The dark side of off-plan property buying
Buying off-plan property in Dubai is attractive, but this shouldn’t be an off the cuff decision.
Property prices are not cheap at all, and many would-be buyers are now turning to off-plan purchases on the premise or even the promise that the deal could be 30 per cent cheaper when the project is not up yet.
But is the market negatively impacted with off-plan purchases, and are buyers increasing their risk?
Off-plan is in force
According to Chestertons MENA, the total number of off-plan transactions in the third quarter of 2017 increased by 86 per cent from the previous quarter, while the value of the same transactions was up by 118 per cent to AED4 billion ($1.08bn).
“With reference to off-plan transactions, Dubai’s real estate market has witnessed seasonal peaks and troughs in the last year due to high levels of uncertainty. After a promising start to 2017, sales plummeted during a disappointing Q2. However they have picked up positive momentum in Q3,” said Ivana Gazivoda Vucinic, Head of Advisory and Research, Chestertons MENA.
The most transacted area in Dubai was Dubai South with a total of 1,151 transactions, closely followed by Downtown Dubai with 821 transactions and Business Bay with 686 ones.
“A slight pickup of completed unit transactions is expected, this will however have a negative impact on off-plan sales transactions which we expect to decline and then stabilise,” said Vucinic.
According to Chestertons, a drop of two per cent of apartment prices in Q3 could potentially trigger further declines in completed unit values, as investors shift more and more towards off-plan property opportunities offering convenient payment options, such as a five-year post-handover or a one per cent payment per month.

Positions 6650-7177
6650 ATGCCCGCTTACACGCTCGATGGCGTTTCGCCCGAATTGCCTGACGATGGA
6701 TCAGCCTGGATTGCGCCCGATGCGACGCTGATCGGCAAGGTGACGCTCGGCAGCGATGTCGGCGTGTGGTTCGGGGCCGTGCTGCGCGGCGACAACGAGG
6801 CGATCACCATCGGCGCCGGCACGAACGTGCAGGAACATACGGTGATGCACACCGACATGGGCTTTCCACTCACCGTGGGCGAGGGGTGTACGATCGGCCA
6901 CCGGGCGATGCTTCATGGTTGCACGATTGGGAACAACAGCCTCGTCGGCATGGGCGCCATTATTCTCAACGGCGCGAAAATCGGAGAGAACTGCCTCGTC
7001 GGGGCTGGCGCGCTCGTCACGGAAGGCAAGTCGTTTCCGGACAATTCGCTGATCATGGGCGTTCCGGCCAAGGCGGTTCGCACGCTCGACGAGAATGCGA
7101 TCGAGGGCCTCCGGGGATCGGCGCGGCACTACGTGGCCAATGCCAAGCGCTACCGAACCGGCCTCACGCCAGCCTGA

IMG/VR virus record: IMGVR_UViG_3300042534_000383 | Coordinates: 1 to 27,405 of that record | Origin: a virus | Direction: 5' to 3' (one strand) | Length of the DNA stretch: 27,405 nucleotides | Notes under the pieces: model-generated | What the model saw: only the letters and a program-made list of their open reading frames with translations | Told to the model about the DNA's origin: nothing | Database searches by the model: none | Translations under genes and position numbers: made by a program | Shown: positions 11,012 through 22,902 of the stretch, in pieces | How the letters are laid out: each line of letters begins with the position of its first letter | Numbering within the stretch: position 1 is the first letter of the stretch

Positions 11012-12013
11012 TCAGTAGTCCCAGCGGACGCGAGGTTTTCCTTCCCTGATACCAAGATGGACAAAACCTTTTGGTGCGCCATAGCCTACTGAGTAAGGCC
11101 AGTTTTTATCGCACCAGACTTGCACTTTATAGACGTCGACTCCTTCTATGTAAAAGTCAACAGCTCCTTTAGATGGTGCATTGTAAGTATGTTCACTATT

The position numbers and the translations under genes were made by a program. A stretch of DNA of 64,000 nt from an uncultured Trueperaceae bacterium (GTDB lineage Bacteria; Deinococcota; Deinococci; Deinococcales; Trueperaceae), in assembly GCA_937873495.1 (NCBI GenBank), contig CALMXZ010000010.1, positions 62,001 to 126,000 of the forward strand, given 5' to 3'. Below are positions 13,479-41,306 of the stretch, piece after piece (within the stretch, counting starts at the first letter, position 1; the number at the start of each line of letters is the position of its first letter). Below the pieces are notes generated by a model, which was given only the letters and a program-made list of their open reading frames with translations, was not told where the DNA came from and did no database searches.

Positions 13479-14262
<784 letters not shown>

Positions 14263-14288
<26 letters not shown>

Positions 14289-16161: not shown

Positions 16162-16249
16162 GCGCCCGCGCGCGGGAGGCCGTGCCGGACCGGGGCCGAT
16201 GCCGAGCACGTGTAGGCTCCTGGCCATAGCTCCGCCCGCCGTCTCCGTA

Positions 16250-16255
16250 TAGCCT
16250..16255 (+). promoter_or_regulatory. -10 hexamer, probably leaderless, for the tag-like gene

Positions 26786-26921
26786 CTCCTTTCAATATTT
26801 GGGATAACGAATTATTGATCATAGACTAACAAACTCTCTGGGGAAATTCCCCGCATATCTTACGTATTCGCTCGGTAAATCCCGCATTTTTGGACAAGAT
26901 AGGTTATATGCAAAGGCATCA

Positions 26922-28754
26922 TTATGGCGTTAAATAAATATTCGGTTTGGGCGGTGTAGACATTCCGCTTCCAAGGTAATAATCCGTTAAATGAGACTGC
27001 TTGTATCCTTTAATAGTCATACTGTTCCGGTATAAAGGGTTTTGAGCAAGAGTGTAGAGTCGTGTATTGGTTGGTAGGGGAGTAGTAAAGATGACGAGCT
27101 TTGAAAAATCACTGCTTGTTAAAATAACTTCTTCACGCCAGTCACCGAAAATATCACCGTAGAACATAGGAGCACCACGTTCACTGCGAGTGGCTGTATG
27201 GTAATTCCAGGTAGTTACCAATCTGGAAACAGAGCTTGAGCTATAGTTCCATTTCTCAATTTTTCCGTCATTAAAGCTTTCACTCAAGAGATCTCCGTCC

Appetite for off-plan growing
During the recent Cityscape Global, and according to figures released by the Dubai Land Department (DLD), there were over $237 million in off-plan properties sold at the event.
As soon as developers were allowed to sell their UAE-based projects, they jumped on it.
Propertyfinder Group, a UAE-based real estate listings portal, said in a statement earlier this year that it expected the boom in Dubai residential off-plan sales to continue at least until the end of 2017.
Propertyfinder data shows that median residential prices in Dubai fell 20 per cent from November 2015 to April 2017.
“Since December 2013, expat buyers of completed properties must put down a cash deposit of at least 25 per cent and they also need a minimum extra six per cent to cover the various fees,” said Propertyfinder Group CCO, Lukman Hajje.
“That’s a large amount of money and it’s forcing many potential purchasers away from the completed property market to off-plan where developers are enticing them with low upfront and even back-ended payment plans.”
Another report by Global Capital Partners-Reidin said that off-plan property sales in Dubai rose by 58 per cent in the first five months of 2017, compared to the same period last year.
The data, based on the DLD registered transactions, revealed that 7,152 off-plan units were sold between January and May, compared to 4,521 units in the previous year.
Impact on buyers
Buyers may be seduced with low down-payments and lower costs for the project, but what happens when the project is cancelled or delayed like is often the case?
Market drivers, financing issues, regulatory hiccups, acts of God or simply negligence could be obstacles that delay or cancel delivery of those properties, leaving off-plan buyers out in the cold.
You might want to have a good lawyer ready for these possibilities, but also for when you are ready for delivery and the real-life products looking completely different from off-plan brochures.
In the time your flat or building is being developed, some other project or plan might come to devalue or better yet increase the value of your property, so risks and rewards come into play.
But perhaps the biggest risk of all is that a longer waiting period associated with off-plan buying means more chances for buyers to run into financial trouble, which would include job loss or an injury dangerously affecting cash flow and thus project payments, with the chance to lose already invested payments towards ownership.